It all ends with a broken heart and bank account, after the money is wired. The BBB says the following are signs that your new romance is too good to be true:

• Someone has claimed to have fallen in love with you quickly.

• That person wants to immediately leave the dating site to use instant messaging or email.

• They claim to be from the U.S. or Canada but they are working overseas.

• They’ve asked you for money or to cash a cheque.

• They are coming to visit you soon but an event prevents them from visiting.

• They have no close family or friends to turn to when they need help.

The next scam targets the wallet and those with an entrepreneurial spirit. Investment fraud targets victims through social media or a web ad. Eventually your identity is stolen. The BBB has some “don’ts” to protect you.

“Don’t expect to get rich quick. Be careful with your personal information. Don’t be lured by claims of ‘insider information’.”

The top financial scam this year is affinity fraud, which targets a group of people known to each other. It pits a leader in the group against the others to get money out of them.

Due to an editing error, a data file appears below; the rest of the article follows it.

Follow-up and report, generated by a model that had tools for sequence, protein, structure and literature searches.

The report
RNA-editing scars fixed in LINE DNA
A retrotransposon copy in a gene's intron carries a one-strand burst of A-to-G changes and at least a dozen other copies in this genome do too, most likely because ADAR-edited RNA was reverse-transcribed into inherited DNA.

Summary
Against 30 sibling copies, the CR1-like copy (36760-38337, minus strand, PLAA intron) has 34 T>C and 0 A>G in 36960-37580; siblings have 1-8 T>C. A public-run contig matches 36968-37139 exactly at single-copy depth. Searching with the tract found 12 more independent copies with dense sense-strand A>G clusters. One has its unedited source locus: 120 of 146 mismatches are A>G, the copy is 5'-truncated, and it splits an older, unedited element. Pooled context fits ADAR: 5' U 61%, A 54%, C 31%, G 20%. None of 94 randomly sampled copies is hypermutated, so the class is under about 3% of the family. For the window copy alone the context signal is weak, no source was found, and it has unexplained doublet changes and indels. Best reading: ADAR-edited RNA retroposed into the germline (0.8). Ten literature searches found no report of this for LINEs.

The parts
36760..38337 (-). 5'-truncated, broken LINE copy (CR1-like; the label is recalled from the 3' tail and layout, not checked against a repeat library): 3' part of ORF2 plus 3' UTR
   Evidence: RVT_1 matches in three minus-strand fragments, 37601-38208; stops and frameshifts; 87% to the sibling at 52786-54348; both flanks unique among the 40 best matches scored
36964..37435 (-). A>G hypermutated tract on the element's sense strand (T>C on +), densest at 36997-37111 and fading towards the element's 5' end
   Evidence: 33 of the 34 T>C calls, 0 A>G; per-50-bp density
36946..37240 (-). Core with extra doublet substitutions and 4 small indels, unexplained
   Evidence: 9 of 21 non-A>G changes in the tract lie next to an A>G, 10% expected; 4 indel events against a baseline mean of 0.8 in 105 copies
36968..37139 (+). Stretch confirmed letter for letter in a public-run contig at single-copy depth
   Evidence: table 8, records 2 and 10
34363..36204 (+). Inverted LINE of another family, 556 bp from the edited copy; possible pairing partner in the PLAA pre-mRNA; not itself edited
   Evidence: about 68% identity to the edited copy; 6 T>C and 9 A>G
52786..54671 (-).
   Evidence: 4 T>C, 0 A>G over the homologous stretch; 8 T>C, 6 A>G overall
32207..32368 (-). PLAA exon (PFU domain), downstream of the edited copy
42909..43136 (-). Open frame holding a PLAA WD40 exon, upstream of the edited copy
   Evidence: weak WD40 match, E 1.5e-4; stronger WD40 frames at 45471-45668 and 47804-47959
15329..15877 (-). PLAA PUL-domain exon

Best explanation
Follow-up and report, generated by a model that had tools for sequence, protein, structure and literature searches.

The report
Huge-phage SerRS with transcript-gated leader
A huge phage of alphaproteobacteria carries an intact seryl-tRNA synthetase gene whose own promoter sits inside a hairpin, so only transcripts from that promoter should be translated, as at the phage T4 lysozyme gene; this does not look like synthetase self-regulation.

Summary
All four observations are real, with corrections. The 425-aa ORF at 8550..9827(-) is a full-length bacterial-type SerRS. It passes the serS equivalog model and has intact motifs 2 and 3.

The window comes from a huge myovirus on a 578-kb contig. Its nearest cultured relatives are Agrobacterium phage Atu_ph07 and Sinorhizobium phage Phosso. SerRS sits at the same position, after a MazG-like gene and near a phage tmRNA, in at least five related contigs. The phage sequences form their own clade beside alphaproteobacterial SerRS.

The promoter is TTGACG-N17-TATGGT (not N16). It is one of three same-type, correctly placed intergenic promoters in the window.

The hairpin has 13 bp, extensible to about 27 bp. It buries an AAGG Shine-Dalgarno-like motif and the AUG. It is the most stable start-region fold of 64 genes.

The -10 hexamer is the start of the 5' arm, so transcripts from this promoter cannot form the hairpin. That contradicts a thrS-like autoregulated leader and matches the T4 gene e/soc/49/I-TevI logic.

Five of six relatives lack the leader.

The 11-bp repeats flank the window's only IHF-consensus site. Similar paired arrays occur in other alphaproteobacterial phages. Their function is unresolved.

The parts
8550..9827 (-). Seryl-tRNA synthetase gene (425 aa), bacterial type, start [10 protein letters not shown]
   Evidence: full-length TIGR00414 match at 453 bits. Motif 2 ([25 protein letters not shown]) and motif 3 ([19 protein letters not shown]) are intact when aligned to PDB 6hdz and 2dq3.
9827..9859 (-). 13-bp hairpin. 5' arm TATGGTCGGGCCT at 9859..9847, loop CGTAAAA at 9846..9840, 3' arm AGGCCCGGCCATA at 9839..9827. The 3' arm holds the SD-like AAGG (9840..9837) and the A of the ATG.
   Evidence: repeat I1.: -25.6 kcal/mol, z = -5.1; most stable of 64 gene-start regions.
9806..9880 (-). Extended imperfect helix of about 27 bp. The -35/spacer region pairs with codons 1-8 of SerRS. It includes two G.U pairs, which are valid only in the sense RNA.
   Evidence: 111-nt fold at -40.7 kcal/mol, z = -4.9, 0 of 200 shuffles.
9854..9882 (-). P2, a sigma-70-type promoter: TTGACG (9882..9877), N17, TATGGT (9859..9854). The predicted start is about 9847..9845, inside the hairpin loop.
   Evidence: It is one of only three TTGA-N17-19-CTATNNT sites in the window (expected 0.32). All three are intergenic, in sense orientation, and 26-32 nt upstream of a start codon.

“To be successful, scam artists need to earn the trust of an influential person in a group, family, or workplace. Once they establish this bond – and this can take time – they use this connection to get their hands on the money of other people in the group. In some cases, they may even pay the influencer to help them out, never telling the person that the investment is really a scam,” the BBB says.

For information on red-flags that could signal a scam, visit www.investright.org.

Rogue door to door contractors sometimes have a legitimate service to offer – but often it includes shoddy workmanship and high-pressure sales tactic.

“These types of offers include: a deal to seal or repave your driveway, a roofer with leftover material from a previous job, a furnace repair that you didn’t schedule or a gas fireplace ‘inspection,’ the BBB said. “These fraudulent ‘contractors’ use high pressure sales tactics and offers of a one-time deal to entice or frighten consumers into expensive and often unnecessary home repairs.”

The BBB said you should get all the information on the company written down, and be leery if you are asked to pay in cash or with a cheque and the contractor offers to come back later to finish the job.

“You will probably never see them or your money again,” the BBB said.